7 Non-Traditional Punishments for Very Typical Kids
My kids are really pretty good, despite all the times I throw them under the bus in this blog.
However, they do the normal annoying kids things like not listening, whining, not eating, and using the house and furniture as jungle gym equipment. When they do, my husband and I have come up with an arsenal of consequences for their actions. (We wouldn’t want to call them punishments and squash their little spirits, now would we?)
- I Will Listen To My Fathers – Punishment for not listening. The guilty party stands at the bottom of the basement stairs and shouts “ZERO!” Then s/he runs up the stairs to the main level of the house, rounds the corner, runs up the second staircase to the top floor, looks in the mirror at the top of the stairs and shouts, “I WILL LISTEN TO MY FATHER!” (or Mother, but Daddy invented this one, so he gets the naming rights.) Then run back down both sets of stairs to the starting point and shout, “ONE!” Repeat as many times as assigned. We’ve done this frequently enough in our house that we can now say, “Give me 4 ‘I Will Listen To My Fathers’ right now,” and they start running.
Laps Around the House – Punishment for acting like zoo animals. When they’re climbing the furniture and the walls and have been repeatedly told to calm down, they get laps. Does not matter the weather or time of day. That’s what jackets and head lamps are for. We send them out the front door (usually in pairs since they feed off each other’s energy) and they must run as many laps around the house as we choose. Sometimes we’ll give them a choice of timeout or laps. They almost always choose laps. They come in tired and usually calmer.
- Pay Our Tolls – Punishment for leaving lights on in their bedroom. When we find a light left on, we ask, “Who was the last one in your room?” The guilty party pays a quarter to the family coin jar. We’re one of the few EZ-Pass holdouts, so we raid the coin jar and breeze through the exact change lane thanks to our lazy kids. This may soon expand to the rest of the house, thanks to our latest JCP&L bill.
- Eat Your Cold Dinner – Natural consequence of being a picky eater. I cook one option for dinner every night that includes a protein, a starch, and a vegetable. If they eat it all (or even the minimum requirement of each item), they get a small treat for dessert. If they don’t, they can get down from the table, but with no other food for the rest of the night. I leave their plate on the table until they go to bed. If they come to me hungry later in the evening, they can eat what they snubbed at dinnertime. No excuses, no exceptions.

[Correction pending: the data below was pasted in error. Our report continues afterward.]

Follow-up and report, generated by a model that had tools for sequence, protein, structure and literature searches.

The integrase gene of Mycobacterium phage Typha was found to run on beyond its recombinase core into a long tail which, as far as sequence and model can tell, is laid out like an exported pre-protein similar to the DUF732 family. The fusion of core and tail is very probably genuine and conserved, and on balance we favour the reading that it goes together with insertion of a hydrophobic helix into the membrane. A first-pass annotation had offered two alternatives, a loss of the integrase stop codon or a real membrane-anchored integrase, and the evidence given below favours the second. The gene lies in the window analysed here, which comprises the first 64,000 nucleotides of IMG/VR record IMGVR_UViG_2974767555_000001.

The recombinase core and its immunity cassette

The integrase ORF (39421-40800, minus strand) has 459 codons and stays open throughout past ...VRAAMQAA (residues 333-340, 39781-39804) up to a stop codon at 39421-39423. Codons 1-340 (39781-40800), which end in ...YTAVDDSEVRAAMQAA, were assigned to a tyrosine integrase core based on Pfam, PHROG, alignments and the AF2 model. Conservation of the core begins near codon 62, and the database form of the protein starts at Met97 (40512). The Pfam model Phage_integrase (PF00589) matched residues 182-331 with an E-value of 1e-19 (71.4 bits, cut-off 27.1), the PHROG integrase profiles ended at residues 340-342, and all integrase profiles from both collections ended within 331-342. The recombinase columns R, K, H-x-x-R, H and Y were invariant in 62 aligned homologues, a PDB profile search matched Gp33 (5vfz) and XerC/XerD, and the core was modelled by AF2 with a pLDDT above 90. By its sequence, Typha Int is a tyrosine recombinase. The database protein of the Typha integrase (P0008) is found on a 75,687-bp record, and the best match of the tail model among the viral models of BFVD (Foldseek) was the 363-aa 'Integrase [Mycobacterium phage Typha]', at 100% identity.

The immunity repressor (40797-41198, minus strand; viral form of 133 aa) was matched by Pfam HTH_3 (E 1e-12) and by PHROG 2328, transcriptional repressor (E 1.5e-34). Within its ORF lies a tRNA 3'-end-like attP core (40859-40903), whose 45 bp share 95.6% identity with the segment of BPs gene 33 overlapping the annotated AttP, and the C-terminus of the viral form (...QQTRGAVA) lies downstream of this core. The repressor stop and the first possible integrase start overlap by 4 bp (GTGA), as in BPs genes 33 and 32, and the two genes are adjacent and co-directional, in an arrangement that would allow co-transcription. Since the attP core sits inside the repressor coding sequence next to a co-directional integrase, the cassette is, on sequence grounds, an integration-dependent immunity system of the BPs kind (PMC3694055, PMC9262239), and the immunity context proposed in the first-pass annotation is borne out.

- Thunderfoot Re-Do – Consequence of noisily pounding down the stairs. All three of my kids are on the small side. They’re lanky and lightweight. But they sound like a herd of elephants when they come thundering down the stairs. When it sounds like our house is about to fall apart from the way they hammer their heels on the stairs, we send them back up or back down and make them redo it “ninja style.” They do it as many times as it takes for the glasses in the wine rack to not rattle.
- Plead Your Case Without Whining – We only listen if you don’t whine. The kids play together, which means they heinously wrong each other in countless ways. When a victim comes to us whining and crying to tattle on his or her brother or sister, we send them back out of the room. They get another chance to come in again, calmly, to tell us in a big kid voice exactly what happened, without breaking down into tears or whining again. It scares me to see how good our middle child is at this. We either have a future lawyer or a future master-mind criminal on our hands.
- Toy Timeout – Punishment for any number of misdemeanors. This usually follows a rat-out by a sibling using the previous case-pleading technique. We choose whichever toy is the star of the moment and the toy gets put in a visible, but unreachable spot for a length of time determined by the parent, based on the severity of the crime. Kid can see their favorite toy, but can’t get it back until they wait out the time and apologize to whomever they wronged.
When our children complain and ask us why we make them do these crazy things, we typically respond,
“Because we’re not allowed to beat you. Unless you ask. Your choice!”
What are some of your best non-traditional rules and punishments?